Australian mining companies operating in Myanmar are contributing to military government funding, according to a new report.
Justice for Myanmar, an activist group that focuses on campaigning against military-rule, says the mining companies listed in a new report titled “Mining Against Humanity” remain active and create revenue for the military. That activity, the report says, aids the junta in its attacks on opposition forces in the country.
Myanmar has been in chaos since military leader General Min Aung Hlaing and his military forces overthrew the democratically elected government in February 2021.
The coup sparked mass protests and armed revolution against military rule, which includes the civilian-led National Unity Government, the People’s Defense Force and ethnic armed groups. Fighting has intensified in recent months and most say the country is now in a civil war.
According to the report, there are at least 10 Australian-linked mining firms that remain active in Myanmar.
“It is unacceptable that three years after the military’s illegal coup attempt, Australia is still failing to take necessary action to block the junta’s sources of funds from mining and other lucrative sectors,” says Justice for Myanmar spokesperson Yadanar Maung.
The company ventures listed include Valentis Group, Cornerstone Resources, PanAust, Asia Pacific Mining Limited, Access Resources Asia, Mission Legal, Knight Piesold, Georesources Group and PSI Drilling Ltd, ALS Limited, and Golden Land & Mining Services and MiningWatch Myanmar.
All companies were contacted by Justice for Myanmar, who questioned their business status in Myanmar, payments to the military government and entities, and what human rights due diligence they had implemented since the coup. Several of the mining firms didn’t respond to the emails, while others indirectly answered, Justice for Myanmar told VOA.
But in documents seen by VOA, Knight Piesold, a global consulting firm that operates in over a dozen countries, acknowledged it still carries out minimal work in Myanmar in response to Justice for Myanmar’s questions.
David Morgan, Managing Director at the company’s Australia office in Perth, stated in emails to the activist group that Knight Piesold was appointed as a consultant by Chinese-owned Myanmar Wanbao Mining Company Ltd in 2013.
Their job was to conduct an environment and social impact assessment for two mines in Myanmar. Morgan insisted that his company had not physically extracted any materials and said that since 2020, the company’s services have been limited to environmental issues. He said the company provided a closure plan for one of the mines in 2023.
PanAust, an Australian incorporated gold and copper producer that is owned by Chinese state-firm Guangdong Rising H.K. Holding Ltd, states in its annual business and sustainability report for 2022 that it had ceased “all mineral exploration activities” in Myanmar from February 2021 but continues to honor its contractual financial obligations.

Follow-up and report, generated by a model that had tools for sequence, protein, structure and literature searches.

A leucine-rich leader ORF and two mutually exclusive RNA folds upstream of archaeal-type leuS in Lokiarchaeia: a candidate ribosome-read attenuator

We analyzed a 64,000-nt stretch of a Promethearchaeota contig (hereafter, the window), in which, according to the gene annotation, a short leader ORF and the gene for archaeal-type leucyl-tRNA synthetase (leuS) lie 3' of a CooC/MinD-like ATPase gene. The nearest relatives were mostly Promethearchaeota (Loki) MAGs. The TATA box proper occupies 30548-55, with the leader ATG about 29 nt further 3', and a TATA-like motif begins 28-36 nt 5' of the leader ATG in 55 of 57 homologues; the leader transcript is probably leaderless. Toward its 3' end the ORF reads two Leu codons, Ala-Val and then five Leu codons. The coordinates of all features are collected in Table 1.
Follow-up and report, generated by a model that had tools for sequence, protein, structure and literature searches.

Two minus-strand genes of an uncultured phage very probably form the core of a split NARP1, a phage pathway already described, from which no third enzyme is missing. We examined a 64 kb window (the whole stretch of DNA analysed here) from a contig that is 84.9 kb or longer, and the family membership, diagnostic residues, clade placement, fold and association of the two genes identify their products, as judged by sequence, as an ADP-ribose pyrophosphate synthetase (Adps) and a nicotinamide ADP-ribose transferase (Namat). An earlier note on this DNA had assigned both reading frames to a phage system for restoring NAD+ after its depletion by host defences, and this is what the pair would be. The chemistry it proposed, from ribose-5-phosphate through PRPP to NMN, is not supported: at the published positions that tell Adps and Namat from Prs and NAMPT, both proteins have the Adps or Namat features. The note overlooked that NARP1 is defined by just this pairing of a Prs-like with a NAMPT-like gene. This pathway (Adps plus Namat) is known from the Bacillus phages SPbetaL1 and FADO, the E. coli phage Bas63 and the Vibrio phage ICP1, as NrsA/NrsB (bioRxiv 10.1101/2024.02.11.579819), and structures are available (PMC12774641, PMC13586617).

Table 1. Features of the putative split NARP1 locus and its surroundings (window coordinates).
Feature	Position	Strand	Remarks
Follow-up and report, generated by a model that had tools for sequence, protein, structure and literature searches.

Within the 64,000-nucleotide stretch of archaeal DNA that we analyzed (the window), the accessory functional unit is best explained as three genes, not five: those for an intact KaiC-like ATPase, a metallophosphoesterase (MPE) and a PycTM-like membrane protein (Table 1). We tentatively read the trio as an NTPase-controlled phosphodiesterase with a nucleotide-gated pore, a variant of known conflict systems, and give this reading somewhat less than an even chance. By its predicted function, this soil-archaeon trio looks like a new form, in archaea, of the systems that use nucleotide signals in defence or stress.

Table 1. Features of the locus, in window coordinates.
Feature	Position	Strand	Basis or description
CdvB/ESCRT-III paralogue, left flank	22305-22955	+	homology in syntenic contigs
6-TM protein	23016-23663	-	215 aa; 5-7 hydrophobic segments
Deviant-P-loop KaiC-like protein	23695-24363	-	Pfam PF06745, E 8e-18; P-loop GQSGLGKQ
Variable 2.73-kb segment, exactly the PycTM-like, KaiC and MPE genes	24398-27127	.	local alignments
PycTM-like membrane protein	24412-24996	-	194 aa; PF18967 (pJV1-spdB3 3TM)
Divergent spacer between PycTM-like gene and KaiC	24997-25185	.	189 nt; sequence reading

Yadanar Maung says Australia needs to take action.
“Australia shamefully stands out among Western countries for the heavy engagement of its citizens and businesses in Myanmar’s mining sector, despite the junta’s illegal control of natural resources and the sector’s links to grave human rights abuses and environmental destruction,” she told VOA.
The U.S., Canada, Britain and the EU have all imposed a variety of sanctions on Myanmar’s military regime and its entities in recent years in efforts to stop its violent crackdown.
But the conflict continues. Over 4,400 people have been killed by the military and over 25,000 people arrested since the military seized power, according to rights groups. The U.N. says the number of displaced people in Myanmar since the coup has exceeded 2 million.
The conflict has also seen Myanmar’s economy heavily decline and is now 10% lower than it was in 2019. Myanmar is the only country in East Asia that hasn’t recovered its economy to pre-pandemic levels, with little growth expected in 2024 according to a report by the World Bank.
But the junta is still able to continue its crackdown on the opposition partly because of the foreign revenue it receives from various enterprises. Myanmar’s mining industry is crucial to the country’s economy, contributing to 5.4% of Myanmar’s gross domestic product in 2019, according to the United States Geological Survey.
Yadanar Maung called for Australia to sanction these mining networks to prevent them from operating with the Myanmar military.
“Australia has failed to respond to the urgent need to cut funds to the Myanmar military junta. Australia’s inaction is undermining the efforts of its allies such as the U.S. and Canada, which have sanctioned the junta and its mining enterprises. Australia should stop dragging its feet, catch up with the sanctions long imposed by its allies and actively move to block the junta’s sources of funds, including from mining,” she added.
Myanmar is rich in resources, and mining projects include the extraction of jade, ruby, gold, silver, tin, zinc and limestone. The country is also ranked as the fifth largest producer of rare earth elements the world.
According to the U.S. Treasury, the state-run Myanmar Oil and Gas Enterprise, or MOGE, is the junta’s largest single source of foreign revenue. The U.S. imposed sanctions on MOGE that came into effect in December that prohibit U.S. financial organizations from offering services to the enterprise.
Photo Source: Yin_Min_Tun, CC BY-SA 3.0, via Wikimedia Commons
By Tommy Walker, VOA News